AP: Gophers players almost reinstated boycott over suspensions

From left to right quarterback Mitch Leidner, wide receiver Drew Wolitarsky and tight end Duke Anyanwu stand with the rest of their team. Wolitarsky read a statement saying the players would boycott all football activities. Peter Cox | MPR News

The Associated Press is reporting that the decision by the University of Minnesota football team to end its “boycott” to protest the suspension of 10 players alleged to have sexually assaulted a woman, was not as final as first reported.

The story presented by U of M president Eric Kaler was that the players accepted his explanation for the school’s investigation into the players’ actions.

But AP’s Jon Krawczysnki reports today that the players were so upset by Kaler taking credit that they wanted to reinstate the boycott.

The players met with two regents — Darrin Rosha and Michael Hsu — who had been vocal in their opposition to the school’s sexual assault policies in the past.

Krawczysnki says Kaler and athletic director Mark Coyle heard about the pending meeting and tried an end-around.

Kaler and Coyle tried to re-engage the players before Hsu and Rosha could meet with them that night. They offered to reinstate the second group of five players for the bowl, but pulled that back when the university said the woman who made the accusations would have to approve that, four people involved in the discussions told the AP.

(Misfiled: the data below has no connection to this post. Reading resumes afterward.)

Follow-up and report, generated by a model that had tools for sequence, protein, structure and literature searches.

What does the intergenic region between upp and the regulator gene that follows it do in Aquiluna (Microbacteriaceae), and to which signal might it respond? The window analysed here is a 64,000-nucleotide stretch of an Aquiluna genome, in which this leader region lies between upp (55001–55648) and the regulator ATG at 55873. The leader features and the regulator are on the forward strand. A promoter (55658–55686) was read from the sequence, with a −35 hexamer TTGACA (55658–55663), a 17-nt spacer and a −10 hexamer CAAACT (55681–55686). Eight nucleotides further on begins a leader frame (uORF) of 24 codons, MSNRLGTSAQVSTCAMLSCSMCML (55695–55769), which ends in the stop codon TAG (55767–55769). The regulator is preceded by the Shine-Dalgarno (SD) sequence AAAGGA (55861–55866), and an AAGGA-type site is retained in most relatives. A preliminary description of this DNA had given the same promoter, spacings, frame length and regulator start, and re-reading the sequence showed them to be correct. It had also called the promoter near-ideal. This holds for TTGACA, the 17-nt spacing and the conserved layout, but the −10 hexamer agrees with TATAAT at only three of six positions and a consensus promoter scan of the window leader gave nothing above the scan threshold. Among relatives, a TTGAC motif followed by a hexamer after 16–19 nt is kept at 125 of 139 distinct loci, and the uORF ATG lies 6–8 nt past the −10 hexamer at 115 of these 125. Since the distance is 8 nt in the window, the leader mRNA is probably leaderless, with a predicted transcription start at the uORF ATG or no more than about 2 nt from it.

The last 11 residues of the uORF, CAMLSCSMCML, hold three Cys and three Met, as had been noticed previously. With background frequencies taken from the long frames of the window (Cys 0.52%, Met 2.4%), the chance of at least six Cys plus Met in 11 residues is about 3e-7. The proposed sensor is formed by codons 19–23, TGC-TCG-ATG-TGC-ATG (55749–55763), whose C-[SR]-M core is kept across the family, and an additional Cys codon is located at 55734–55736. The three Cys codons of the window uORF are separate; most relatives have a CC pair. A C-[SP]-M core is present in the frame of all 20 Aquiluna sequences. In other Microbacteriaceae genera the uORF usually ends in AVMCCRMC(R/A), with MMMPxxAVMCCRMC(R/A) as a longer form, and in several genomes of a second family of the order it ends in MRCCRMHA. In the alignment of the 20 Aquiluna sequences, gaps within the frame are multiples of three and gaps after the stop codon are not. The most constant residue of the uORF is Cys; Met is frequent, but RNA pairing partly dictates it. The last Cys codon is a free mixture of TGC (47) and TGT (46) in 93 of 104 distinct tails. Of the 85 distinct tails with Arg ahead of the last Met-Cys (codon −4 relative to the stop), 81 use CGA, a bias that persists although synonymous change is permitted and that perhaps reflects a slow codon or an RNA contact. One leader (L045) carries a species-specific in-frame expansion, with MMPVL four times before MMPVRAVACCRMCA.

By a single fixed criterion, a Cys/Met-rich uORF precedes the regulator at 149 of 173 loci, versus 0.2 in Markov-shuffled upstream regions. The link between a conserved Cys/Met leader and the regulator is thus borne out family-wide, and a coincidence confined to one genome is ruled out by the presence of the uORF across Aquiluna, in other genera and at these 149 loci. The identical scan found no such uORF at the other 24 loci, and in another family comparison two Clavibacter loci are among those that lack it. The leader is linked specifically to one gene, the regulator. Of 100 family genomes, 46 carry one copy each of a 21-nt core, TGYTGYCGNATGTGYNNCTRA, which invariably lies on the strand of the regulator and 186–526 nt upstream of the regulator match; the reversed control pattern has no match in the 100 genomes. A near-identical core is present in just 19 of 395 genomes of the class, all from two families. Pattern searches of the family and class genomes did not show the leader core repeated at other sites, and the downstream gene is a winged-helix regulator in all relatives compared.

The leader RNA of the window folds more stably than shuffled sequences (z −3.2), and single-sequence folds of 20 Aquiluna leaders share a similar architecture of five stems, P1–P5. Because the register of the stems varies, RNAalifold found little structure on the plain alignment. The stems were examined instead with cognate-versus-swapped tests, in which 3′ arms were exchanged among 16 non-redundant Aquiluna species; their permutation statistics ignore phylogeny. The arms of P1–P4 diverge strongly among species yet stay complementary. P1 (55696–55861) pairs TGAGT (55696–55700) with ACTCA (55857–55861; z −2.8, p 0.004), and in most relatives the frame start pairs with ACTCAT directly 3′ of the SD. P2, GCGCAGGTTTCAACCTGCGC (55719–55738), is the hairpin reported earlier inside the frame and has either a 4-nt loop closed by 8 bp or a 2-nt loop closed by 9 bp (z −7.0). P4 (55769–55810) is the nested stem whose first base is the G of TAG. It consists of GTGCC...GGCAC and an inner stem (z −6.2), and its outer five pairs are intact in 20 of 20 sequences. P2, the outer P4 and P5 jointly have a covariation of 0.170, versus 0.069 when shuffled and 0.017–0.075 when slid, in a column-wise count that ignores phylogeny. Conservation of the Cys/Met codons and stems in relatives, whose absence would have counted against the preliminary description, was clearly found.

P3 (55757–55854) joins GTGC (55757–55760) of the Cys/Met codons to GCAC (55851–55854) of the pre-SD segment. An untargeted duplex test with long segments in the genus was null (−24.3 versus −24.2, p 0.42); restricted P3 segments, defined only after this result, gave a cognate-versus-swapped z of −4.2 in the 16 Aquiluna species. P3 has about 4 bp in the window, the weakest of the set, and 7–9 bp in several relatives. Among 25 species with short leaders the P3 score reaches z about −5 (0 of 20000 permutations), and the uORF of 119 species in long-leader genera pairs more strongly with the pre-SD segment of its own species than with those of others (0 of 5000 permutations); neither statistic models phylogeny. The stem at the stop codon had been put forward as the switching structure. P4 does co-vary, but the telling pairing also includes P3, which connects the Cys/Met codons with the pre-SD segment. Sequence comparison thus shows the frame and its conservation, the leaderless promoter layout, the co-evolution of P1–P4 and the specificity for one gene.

Kaler and Coyle left talks with the players before 9 p.m. without an agreement and players prepared to skip the game. The players invited the regents in, according to three people who were there, and a marathon discussion lasted until dawn.

“We weren’t negotiating,” Hsu said. “We had nothing to give them. We were only there to talk to them, help understand them, help them understand us, the university, us as regents. Help them think through the ramifications.”

They talked about criticism the team received after announcing the boycott with a statement that paid little attention to the allegations made by the woman. If they pulled out of the bowl game, would they look like they were defending sexual assault?

“They appeared to really want to get it right for all involved: the reporting student, the public, the university, the team,” Rosha said. “While they didn’t seem sure about what the right approach was, they did conclude it wasn’t maintaining the boycott.”